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Reflection is something that we as teachers do before, during, and after class. When I am preparing a lesson, I need to consider which approaches worked best in the past with the majority of individual students. During class, I am constantly making adjustments in my teaching, as students’ needs change on a daily basis. After class, I am usually thinking about how I might have handled content delivery and classroom management differently when I experienced difficulties. When I am successful in guiding students to understand and learn, it is important for me to understand why and how that learning occurred. I am constantly talking with my specials teaching team members about to serve students who may need some type of additional attention.

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Mod 6 Cooperative Learning

https://youtu.be/D-yzgJtgVrg

This video illustrates what I am moving towards. As a first year teacher, and still getting the hang of this curriculum, I didn't do this as much as I wanted. This summer I intend to create my lessons based on this model as much as possible.

I set up my cooperative learning groups based on a blend of grades, capabilities, personalities and discipline. I didn’t implement a seating chart for a few weeks at the beginning of the semester to learn these things about my students. By the time we did this lesson, students had already done several assignments together in these groups.

The design and implementation of the cooperative learning activity pushed the instruction from me doing all of the work, to the students doing all of the work. It also encouraged participation because I also implemented a competitive element to it. As I pit the groups against each other for candy. The first group finished with a task would each get a piece of candy. I don’t always do this, but I happened to have after-Easter sale candy.

I actually did this activity a couple of times this semester. The first time I had each group identify four words each from what we were about to read as a class. This worked great as a pre-reading exercise, but it created a small bit of chaos in that each class had different vocabulary words. The second time I did this sort of thing, I had them find words I gave to them verbally, so they would have to find it in the text for the spelling. Then as a group, they identified the type of word (noun, verb, etc.), defined the word and used it in a sentence. It worked much better the second time and I intend to do most if not all of my vocabulary assignments this way in the future.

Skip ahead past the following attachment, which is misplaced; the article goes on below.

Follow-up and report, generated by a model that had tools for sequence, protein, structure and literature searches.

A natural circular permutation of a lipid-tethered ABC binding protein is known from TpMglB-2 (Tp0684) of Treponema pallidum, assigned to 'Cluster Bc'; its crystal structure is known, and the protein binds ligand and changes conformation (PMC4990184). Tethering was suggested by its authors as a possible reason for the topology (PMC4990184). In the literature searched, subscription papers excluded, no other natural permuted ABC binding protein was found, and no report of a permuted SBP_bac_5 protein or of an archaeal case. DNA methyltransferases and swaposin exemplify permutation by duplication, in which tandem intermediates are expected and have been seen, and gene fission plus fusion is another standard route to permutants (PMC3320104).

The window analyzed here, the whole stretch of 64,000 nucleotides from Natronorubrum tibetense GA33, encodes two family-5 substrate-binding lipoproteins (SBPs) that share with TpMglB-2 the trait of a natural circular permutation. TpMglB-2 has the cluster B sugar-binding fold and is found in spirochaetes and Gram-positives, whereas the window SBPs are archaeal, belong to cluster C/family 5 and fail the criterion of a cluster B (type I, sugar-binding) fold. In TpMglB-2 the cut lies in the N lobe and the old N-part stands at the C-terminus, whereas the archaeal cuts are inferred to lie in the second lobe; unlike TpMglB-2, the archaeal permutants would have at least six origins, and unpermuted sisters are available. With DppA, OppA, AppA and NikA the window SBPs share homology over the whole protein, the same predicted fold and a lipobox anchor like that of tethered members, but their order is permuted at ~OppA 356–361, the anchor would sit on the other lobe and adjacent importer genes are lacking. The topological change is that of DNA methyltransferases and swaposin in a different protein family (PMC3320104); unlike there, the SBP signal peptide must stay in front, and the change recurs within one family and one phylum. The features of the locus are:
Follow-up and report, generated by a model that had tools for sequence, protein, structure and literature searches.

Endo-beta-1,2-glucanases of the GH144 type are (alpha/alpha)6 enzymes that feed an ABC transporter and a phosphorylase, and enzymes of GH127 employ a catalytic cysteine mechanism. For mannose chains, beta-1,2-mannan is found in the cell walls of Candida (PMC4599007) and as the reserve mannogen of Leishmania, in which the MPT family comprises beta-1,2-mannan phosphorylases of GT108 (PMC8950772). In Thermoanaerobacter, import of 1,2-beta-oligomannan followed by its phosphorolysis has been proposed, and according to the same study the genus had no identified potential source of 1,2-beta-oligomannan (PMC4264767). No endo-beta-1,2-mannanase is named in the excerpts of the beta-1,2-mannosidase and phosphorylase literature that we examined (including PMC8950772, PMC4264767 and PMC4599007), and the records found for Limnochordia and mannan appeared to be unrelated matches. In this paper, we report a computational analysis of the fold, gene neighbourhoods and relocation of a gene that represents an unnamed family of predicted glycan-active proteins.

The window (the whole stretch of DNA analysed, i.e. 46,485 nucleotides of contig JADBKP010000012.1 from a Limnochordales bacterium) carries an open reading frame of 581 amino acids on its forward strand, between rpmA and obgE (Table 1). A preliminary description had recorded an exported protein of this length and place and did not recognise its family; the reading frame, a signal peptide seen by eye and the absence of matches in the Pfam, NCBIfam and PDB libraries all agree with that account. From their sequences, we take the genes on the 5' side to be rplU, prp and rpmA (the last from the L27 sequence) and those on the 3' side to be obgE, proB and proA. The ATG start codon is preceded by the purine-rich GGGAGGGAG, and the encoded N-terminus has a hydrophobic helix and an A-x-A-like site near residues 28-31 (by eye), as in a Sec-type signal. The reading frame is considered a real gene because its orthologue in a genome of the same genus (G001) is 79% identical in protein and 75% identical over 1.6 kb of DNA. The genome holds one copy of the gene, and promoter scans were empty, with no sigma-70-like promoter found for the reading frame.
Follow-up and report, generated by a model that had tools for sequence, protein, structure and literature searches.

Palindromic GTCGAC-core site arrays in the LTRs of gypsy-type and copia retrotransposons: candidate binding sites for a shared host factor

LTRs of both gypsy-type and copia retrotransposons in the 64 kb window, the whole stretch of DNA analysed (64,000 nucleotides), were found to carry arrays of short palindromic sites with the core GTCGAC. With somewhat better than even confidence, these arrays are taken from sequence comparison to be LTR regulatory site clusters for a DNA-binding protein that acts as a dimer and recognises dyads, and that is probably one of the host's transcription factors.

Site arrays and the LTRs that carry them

Mod 5 Technology Integration

https://youtu.be/VRj5306zl_8

The Edutopia articles I read all noted that technology integration should deliver content in new and interesting ways. “Effective technology integration is achieved when the use of technology is routine and transparent and when technology supports curricular goals.” This was a both a simple and difficult assignment for me in that my students have iPads, we don’t use text books, and nearly every lesson and certainly every unit utilizes some kind of technology.

The lesson is, of course, to try something new. So, I began looking for iPad apps, because why not? I found several that would cost money, a few that were free but terrible. I aimed for grammar lessons, and writing lessons, but nothing really seemed that useful. Now, I’ve no doubt that continued search and more time spent would likely garner something I’d like to use. However, I decided to shift my focus to more curriculum-specific searching and I found a really fantastic app from Rockstar that covers Of Mice and Men.

The main benefit to the students is that the app provided a plain-spoken breakdown of the important parts of the story, including literary analysis over rock music (though students can select pop music).

The challenge is that it doesn’t retell the story so the students still have to tie what the app speaks about to the actual story.
This type of technology showed me how I could adopt their style to give an overview like this without getting into story specifics. It’s something I don’t particularly excel at.

The greatest limitation is that after the first couple of portions of the book, you have to purchase within the app to unlock the rest of the story. As you know, in Kansas, schools do not have much money thanks to our horribly incompetent Republican legislature and Governor. I doubt I will be able to purchase 120 copies of the app for my students. But, we can still utilize it for the first to sections and such is not a bad thing.

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KWL Mod 2

I chose this site because it did not force me to watch a video to glean its information. Nothing wrong with videos, but I’m taking a few of these classes and must sit through lots of videos that I do not end up using. It covers the KWL chart pretty thoroughly and offers some strategies as to ways different teachers/subjects could use it.

In my classroom, I would use its suggestion from the article: "Reading/English

KWL can be used before reading a novel or section of text. Select an author and have students complete the "Know" and "Want to Know" sections of the chart. Read a brief biography about the author and see if the students have all attained the information they wanted to learn. If not, make a plan for further investigation to answer their questions.

Writing